Sell ‘value’ over price

Banner vector created by sergey_kandakov –

If you are in the charter business, you also seem to be unavoidably in the discount business. We use lots of ways to justify it, and we are under what feels like constant pressure to hand out discounts like candy at a parade.

That’s the case from the ubiquitous “can you match this price?” to pressure to “sharpen the pencil” on an RFP response. From professional consumers like tour operators and corporate transportation coordinators to churches calling looking for donations and discounts appealing to your “higher” self, discounts are a part of the business of being in the bus business.

So, if discounts are part of the business and foundational to the game, why are we taking your valuable time to discuss them? Because they are costing you, your company and our industry more than you can imagine. Like so many things in life, recognizing you have a problem is the first step to fixing it.

Author Chris Riddell is the closing speaker at the Bus & Motorcoach Industry Sales Summit, May 29-30 at Mall of America.

Obviously, discounts are not unique to the transportation industry. In fact, there are not many industries that I am aware of that don’t offer discounts in their business model in some form or fashion. What may be unique to the bus industry is the impact that discounting has on our businesses.

Why the bus business is different

For many industries, discounts are a part of the pricing structure. Simply mark it up, so you can mark it down. Car manufacturers, for example, create inflated MSRP pricing so dealers can “mark them down,” offering manufactured “sales” that drive consumers to act. Other industries offer discounts based on things such as volume. For example, if I buy 10 widgets, they will cost me one unit price per widget. However, if I buy 10,000, the per widget cost can go down significantly. Scale economics are at play in these types of discounts.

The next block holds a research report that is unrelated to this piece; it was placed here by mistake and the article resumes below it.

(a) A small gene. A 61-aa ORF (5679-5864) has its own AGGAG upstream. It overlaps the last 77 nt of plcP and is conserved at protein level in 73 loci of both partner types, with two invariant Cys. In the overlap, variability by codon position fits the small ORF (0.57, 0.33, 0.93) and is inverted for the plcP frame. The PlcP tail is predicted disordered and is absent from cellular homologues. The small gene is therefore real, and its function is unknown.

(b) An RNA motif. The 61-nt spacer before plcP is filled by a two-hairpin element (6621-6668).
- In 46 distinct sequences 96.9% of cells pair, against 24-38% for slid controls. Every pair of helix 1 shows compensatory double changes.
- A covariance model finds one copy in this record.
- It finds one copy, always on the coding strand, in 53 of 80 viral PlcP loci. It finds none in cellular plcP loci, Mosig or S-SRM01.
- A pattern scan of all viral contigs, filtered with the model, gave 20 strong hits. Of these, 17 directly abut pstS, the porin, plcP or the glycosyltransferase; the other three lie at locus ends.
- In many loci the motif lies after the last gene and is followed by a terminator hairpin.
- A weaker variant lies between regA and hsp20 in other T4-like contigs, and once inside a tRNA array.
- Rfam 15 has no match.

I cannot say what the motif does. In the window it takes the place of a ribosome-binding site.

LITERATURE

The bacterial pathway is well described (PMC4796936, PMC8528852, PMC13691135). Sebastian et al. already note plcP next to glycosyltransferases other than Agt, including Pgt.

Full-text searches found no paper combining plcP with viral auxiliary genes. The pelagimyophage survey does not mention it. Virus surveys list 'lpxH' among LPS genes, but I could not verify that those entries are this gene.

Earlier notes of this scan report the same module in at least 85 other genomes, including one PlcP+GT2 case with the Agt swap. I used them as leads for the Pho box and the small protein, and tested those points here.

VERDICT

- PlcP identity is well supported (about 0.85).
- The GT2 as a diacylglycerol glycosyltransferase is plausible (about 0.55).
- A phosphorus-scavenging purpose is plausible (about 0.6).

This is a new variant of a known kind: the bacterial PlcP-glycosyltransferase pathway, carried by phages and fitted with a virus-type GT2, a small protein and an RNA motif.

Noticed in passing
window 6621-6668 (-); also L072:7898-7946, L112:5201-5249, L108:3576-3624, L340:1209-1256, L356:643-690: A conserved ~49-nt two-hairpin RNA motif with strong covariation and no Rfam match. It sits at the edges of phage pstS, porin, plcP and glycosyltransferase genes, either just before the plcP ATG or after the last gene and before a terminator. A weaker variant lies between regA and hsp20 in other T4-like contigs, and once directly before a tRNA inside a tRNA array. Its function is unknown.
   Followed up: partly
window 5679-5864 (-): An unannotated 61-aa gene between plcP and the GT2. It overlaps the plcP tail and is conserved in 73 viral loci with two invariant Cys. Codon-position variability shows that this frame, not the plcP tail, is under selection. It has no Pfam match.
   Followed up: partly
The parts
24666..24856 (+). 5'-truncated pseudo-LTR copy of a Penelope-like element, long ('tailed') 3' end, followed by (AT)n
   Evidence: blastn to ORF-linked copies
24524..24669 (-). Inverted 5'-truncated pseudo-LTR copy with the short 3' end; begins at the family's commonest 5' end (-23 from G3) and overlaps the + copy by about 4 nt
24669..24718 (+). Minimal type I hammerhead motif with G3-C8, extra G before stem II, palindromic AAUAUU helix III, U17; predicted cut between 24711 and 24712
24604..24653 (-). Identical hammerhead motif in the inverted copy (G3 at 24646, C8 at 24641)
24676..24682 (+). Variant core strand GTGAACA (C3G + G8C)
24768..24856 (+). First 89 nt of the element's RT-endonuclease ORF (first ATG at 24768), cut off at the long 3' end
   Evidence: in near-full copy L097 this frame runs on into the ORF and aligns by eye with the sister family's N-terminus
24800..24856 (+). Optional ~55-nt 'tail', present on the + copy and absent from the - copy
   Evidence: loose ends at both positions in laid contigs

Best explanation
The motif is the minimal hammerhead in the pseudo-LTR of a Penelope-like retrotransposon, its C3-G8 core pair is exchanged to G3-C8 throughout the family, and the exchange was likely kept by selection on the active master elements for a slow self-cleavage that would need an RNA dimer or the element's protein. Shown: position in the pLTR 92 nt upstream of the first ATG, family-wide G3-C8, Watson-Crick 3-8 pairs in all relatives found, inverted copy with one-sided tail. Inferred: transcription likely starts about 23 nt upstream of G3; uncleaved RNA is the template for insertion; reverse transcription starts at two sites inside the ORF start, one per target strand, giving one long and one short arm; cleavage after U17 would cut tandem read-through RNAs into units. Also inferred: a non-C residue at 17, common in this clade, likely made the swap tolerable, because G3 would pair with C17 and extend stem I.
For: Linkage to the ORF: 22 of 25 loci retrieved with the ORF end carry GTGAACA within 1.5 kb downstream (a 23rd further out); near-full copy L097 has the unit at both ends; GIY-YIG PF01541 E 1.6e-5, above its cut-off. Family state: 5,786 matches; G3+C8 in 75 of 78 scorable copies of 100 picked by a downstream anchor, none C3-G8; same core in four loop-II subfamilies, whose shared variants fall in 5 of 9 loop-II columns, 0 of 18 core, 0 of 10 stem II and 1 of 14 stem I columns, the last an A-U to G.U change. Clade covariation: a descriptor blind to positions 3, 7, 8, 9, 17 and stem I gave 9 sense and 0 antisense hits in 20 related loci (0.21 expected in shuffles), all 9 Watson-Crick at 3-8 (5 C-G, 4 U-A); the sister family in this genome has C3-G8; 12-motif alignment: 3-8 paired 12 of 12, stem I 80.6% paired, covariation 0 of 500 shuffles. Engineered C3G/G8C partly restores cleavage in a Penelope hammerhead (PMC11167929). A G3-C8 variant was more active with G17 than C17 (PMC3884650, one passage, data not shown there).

Watch a video of Chris Riddell describing his upcoming speaking engagement at the Bus & Motorcoach Industry Sales Summit at Mall of America. 

Unfortunately, in the bus business we don’t benefit from either of these scenarios. Falsely inflating prices just to offer consumers discounts does very little when it comes to our core consumer group. They understand daily and mileage rates and have a fairly good grasp of what our costs actually are. Economy of scale in this business does very little for us as well. When we offer a discount to a customer, very little in our cost structure changes. Fuel may vary a little based on volume, but drivers’ wages, insurance, vehicle maintenance, compliance and the rest stay fundamentally the same.

That leaves us offering discounts out of nothing but our profit margins, which may be affecting more in your operation than you might think. Take, for example, a charter that was quoted at $1,100 a day for two days. But then the phone rings and you get the question that so many have to deal with: “I have a quote from the guy down the street. He is willing to do it for $950 a day. Can you match that price?”

Having sold charters myself, the logic often goes as follows: “Well… I don’t want to lose the chance at $950 a day. If I say no, this guy books with my competition. I have drivers that need work; I should probably just take the deal and get my bus on the road.”

Where does it stop?

If you are like so many other operators, you will probably push back a little trying to get more. However, if the customer resists even a little, you take the work and put the driver and the bus on the road.